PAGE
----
After a packed-to-capacity session in Sydney on 19 August, it was another crowded house in Brisbane on 26 August, with agents tapping into the expertise of some of the brightest minds in the digital industry.
Created by REA Director of Industry Relations Steve Carroll, the program sees agents scored on their digital presence, then given the tools and mentoring to improve their ranking.
Here’s an insight into what they learned…
1. The time is now
As the market slows and competition within the real estate industry increases, there is no better time to be a real estate agent, mindset expert Chris Helder told agents.
“As human beings, we’re hardwired for struggle. Embrace it. We are moving into an era of celebrity agents. We are at a place where brand loyalty has changed. It’s about you. You are the brand! We are here to understand how you can be known.”
2. The interview is digital
At AREC in 2015, the REA asked 5,000 people how they made decisions, with 47 per cent noting it came down to what they found online. Three years later, that figure increased to 70 per cent. The upshot, according to Mr Carroll, is that the interview is now digital.
Nailing that interview comes down to creating a uniform presence that consistently reflects an agent’s image across social media and the online realm.
Marketing expert Valentina Borbone explained that involved eight key elements.
- Consistency of photos
- Creating an interesting ‘about you’
- Focusing on a specialty area
- Harnessing video, character, communication skills and testimonials
- Connections to the community
- Ensuring listings are up to date
- Linking to social media profiles
- Completing all information available in profiles
3. Video is king
Video is the hot-ticket trend, all presenters reflected. While YouTube sees a billion hours of video added a day, the Facebook algorithm ranks it as their number one preferred content type, with Facebook Live in poll position.
Mr Helder, along with influence expert Julie Masters, explained that agents using video should incorporate a range of content; some of it professional, some of it live and some of it showcasing listings.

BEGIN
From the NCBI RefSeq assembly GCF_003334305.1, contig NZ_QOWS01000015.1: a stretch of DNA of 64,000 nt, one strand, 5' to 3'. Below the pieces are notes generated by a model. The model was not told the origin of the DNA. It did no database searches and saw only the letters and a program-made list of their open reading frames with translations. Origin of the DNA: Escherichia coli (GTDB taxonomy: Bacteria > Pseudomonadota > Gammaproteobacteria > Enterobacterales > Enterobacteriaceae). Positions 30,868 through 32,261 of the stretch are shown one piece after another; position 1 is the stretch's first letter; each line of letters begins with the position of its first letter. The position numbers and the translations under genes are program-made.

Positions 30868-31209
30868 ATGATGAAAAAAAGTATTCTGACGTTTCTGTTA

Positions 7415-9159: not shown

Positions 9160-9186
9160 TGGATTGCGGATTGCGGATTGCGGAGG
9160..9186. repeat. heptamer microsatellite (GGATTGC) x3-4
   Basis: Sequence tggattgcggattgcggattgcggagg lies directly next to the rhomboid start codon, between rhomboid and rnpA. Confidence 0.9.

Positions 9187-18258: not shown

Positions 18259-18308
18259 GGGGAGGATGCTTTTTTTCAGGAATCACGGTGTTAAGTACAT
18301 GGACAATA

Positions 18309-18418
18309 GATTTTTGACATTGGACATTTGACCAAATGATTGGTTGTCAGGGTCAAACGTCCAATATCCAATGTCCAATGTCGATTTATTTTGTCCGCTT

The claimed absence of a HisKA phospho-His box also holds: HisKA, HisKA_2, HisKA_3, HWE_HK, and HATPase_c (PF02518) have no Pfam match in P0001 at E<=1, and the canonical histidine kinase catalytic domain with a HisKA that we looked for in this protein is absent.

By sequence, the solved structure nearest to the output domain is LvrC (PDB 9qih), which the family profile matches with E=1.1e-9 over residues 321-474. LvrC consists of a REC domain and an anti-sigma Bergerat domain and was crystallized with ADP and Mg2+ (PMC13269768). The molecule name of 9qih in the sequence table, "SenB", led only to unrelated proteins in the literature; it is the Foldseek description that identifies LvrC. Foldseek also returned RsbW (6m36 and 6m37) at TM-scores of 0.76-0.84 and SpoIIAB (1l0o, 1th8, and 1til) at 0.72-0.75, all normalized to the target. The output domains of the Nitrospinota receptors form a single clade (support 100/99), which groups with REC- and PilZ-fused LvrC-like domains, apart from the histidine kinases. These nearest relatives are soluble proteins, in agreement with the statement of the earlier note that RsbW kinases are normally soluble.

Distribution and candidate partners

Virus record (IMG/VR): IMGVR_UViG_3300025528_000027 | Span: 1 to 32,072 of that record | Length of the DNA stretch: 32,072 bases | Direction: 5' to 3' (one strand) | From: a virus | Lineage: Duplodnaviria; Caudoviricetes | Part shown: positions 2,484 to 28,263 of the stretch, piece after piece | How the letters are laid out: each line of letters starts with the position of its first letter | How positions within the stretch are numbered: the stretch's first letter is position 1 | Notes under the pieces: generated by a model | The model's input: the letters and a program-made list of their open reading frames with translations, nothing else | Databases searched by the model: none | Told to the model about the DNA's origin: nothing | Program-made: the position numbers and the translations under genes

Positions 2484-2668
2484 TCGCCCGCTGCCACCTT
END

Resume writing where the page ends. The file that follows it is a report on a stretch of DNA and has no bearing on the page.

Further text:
For those looking to harness the power of Facebook Live, they noted the message should be clear, the content structured, a call to action should be included and, above all, the presentation must be personable and energetic.
Meanwhile, Ms Borbone said, when posting video agents should:
- Use a thumbnail that’s appealing
- Embed video within the platform
- Offer different lengths for different platforms
- Add subtitles
- Ensure sound is good quality
- Use readily available video editing tools to create emotion
As human beings, we’re hardwired for struggle. Embrace it.
4. It’s not about the brand
Where once real estate was all about the big-name brand, now it’s about the individual – and that trend is unlikely to change.
Around 65 per cent of people trust human beings, and only 35 per cent have faith in brands, Ms Masters explained.
“Ninety-six per cent of everything that we look at on the internet is unbranded. It comes from a human being, not a brand. Yet $50 billion a year is spent on marketing, branding and advertising. It’s like building the world’s most beautiful billboard and putting it under the ocean.”
5. Anyone can be an influencer
“In this new age of influence you can go from a nobody to a somebody overnight and mobilise millions of people in 128 characters or less,” Ms Masters continued.
And if you want to be an influencer, you need:
- Clarity – To own a space you need to be crystal clear. Ms Masters urged agents to look for their influence intersection, the place where their unique expertise meets the greater realm of real estate, and master that hyper-specialised niche.